Jules Rebelly (1859 – 1899) Violin
A compatriot of Samuel van Praag, though his name (sometimes spelled Rebelli) suggests Italian heritage, Rebelly was the sub-leader of the band and equally at home playing the piano. This was a valuable skill and a useful economy in a small band with regular vocal and instrumental soloists. It would also have been useful in the theatre, and there is a later reference in the Yorkshire Gazette to him directing the orchestra at the York Theatre Royal. Further evidence of his career peregrinations is provided by a census entry for Rebelly and his Essex-born wife Alice in Leeds in 1891. He returned to Bath in 1895 to become the musical director of Bath’s brand-new variety theatre, the Lyric, but sadly died in 1899 at the age of 40.
Otto Heinrich (1855 – 1939) Violin
Born into a family of musicians in Kemberg, Germany, in 1855, Otto Heinrich was a newcomer to the Bath City Band, having only joined the orchestra in 1888. He had apparently started his working life with circus bands in Holland and Bohemia, before moving to New York. He returned to Europe in the mid-1880s, and is mentioned in the Buxton Herald in 1886 as a member of the summer band. But, having joined van Praag’s band in 1888, Heinrich stayed in Bath for the rest of his life. He was clearly a popular member of the musical community in Bath and surrounding area, not just as a violinist, but as a violin maker and repairer. Sadly, in 1914, the City Corporation once again behaved appallingly by summarily dismissing Heinrich as an alien citizen, despite his having lived in England for thirty years with an English wife and ten children. Helped by representations from his friends and colleagues in the band, Heinrich reportedly narrowly avoided internment, but his playing career was effectively over.
Signor Poldi Violin
The only other reference to him that I have found so far is regarding a violin solo he gave, in Torquay in 1881, as a member of what became known as the Royal Italian Band. He was praised for his ‘purity of tone, graceful expression and sure execution’. He probably came to Bath with his compatriots and colleagues, Joe Bossi and Ernando Veneri (see below), but it is impossible to say without further evidence.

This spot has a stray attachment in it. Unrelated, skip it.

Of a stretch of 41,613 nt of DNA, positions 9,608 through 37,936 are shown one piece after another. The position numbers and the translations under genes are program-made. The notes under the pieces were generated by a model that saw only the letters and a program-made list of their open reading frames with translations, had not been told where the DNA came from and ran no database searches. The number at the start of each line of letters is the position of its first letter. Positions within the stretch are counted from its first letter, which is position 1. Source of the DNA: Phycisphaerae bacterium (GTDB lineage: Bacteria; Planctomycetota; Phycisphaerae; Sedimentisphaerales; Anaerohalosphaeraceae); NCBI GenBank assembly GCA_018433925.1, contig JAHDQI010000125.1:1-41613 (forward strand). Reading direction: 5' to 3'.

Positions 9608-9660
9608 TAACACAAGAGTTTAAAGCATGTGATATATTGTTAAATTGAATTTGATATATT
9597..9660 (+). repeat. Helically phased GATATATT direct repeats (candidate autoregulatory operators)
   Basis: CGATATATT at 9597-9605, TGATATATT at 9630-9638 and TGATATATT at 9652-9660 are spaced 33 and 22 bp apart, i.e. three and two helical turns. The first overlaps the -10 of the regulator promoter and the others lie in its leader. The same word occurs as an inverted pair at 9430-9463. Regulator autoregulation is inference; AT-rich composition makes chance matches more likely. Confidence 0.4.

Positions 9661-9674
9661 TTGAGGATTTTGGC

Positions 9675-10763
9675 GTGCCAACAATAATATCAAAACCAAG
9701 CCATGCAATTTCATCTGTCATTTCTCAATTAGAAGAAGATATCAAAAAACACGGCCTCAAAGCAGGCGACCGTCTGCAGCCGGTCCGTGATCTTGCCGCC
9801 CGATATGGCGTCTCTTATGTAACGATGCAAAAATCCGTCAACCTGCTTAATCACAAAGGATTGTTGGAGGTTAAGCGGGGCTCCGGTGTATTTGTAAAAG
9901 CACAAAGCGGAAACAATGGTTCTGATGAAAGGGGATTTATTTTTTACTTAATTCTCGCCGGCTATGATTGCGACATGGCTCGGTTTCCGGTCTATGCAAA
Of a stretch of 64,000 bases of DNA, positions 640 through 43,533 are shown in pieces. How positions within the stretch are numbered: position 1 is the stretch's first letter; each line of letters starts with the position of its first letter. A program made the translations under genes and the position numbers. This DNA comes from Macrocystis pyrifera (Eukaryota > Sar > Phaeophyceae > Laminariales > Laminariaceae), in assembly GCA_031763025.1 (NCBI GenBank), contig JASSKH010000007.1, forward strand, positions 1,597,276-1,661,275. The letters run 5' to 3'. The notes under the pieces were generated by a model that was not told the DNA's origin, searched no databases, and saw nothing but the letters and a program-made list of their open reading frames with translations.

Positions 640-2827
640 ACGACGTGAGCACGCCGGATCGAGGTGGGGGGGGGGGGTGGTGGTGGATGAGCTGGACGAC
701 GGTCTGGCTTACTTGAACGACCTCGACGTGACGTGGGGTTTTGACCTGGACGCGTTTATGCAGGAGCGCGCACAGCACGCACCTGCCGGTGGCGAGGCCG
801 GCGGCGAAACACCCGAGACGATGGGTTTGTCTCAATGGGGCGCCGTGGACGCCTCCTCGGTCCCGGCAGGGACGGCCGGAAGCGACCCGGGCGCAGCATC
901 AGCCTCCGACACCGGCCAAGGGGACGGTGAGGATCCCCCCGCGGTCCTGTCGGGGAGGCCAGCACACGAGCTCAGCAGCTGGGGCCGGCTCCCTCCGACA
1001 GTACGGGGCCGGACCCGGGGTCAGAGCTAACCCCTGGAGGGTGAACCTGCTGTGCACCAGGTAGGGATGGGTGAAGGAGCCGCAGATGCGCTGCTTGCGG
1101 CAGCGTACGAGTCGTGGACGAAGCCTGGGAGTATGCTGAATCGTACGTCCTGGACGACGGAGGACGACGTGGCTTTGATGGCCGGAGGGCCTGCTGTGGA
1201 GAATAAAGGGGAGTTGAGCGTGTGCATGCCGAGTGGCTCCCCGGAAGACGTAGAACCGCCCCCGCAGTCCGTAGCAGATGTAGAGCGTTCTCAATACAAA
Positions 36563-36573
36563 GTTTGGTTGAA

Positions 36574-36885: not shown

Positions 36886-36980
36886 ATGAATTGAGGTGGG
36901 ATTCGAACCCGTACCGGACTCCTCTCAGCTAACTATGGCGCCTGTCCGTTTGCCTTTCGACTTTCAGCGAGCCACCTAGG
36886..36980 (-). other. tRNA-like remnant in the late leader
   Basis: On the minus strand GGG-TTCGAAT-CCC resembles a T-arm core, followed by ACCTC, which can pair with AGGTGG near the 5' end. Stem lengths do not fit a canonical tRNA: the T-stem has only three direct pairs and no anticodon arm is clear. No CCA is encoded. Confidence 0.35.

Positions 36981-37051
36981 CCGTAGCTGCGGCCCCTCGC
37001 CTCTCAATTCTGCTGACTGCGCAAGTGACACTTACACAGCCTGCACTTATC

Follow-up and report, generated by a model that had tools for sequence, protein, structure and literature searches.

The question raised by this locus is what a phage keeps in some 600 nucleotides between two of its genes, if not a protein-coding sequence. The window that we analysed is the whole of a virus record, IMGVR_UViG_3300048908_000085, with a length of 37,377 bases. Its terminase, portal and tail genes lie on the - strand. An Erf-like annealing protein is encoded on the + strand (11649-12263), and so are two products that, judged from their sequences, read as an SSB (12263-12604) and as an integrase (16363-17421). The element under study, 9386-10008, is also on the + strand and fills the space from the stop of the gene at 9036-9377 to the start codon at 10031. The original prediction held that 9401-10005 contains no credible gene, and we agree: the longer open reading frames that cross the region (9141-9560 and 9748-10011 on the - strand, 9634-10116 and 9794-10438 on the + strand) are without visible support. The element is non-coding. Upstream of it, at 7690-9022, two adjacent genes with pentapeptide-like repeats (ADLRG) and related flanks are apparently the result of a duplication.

Alfred Wetten (1863 – 1936) Viola
A popular tenor soloist in Bath, Bristol, and across the South of England, Wetten was also the viola player of the City Band at the Pump Room for nearly thirty years. He was clearly a well-respected musician and a regular participant in the Bath Quartette Society concerts. He also taught viola at the Bath School of Music, but who taught him the viola remains a mystery. His singing teacher was Bath’s leading vocal pedagogue, Signor Emilio Pieraccini, and Sir Frederick Bridge, a cousin of Wetten’s brother-in-law, apparently urged him to study for Grand Opera. I can find no reference to him after 1912 other than a short obituary in 1936.
Salomon Van Gelder (1847 – 1920) Cello
Born in The Hague, graduating with the ‘highest diploma to be gained’ from its renowned conservatoire in 1874, Salomon van Gelder spent the first eight or nine years of his career as a cellist and clarinettist, ‘touring with Carl Rosa and Hans Richter’. He came to Bath with van Praag in 1884 and his technical accomplishment on the cello was frequently remarked upon. It is not yet clear when, but he appears to have left the Pump Room Orchestra to concentrate on teaching and chamber music in the late 1890s. Sadly, his career seems to have tailed off in the 1910s, leading him to seek work in theatre bands. Though he and his wife continued living in Bath, there is a census reference in 1911 indicating that he was playing at the King’s Theatre in Southsea, and he may have been on tour when he was arrested and fined as an unregistered alien in Bournemouth in 1915.
George Bourke (1860 – 1908) Double Bass
Brought to Bath by van Praag in 1884, George Bourke was the son of a musician who was clearly constantly moving around the country, and who died when George was very young. He spent 20 years with the Pump Room Orchestra and played ‘with an artistic ability which is rarely displayed on this unwieldy instrument.’ Consequently, he was much in demand throughout the region, both in chamber music (he also played the cello) and for amateur choral and orchestral societies. He somehow found time also to be the Secretary of the Bath branch of the Amalgamated Musicians’ Union, but struggled with ill health for the last few years of his life and died at the age of 48.
John Broom (1858 – 1936) Flute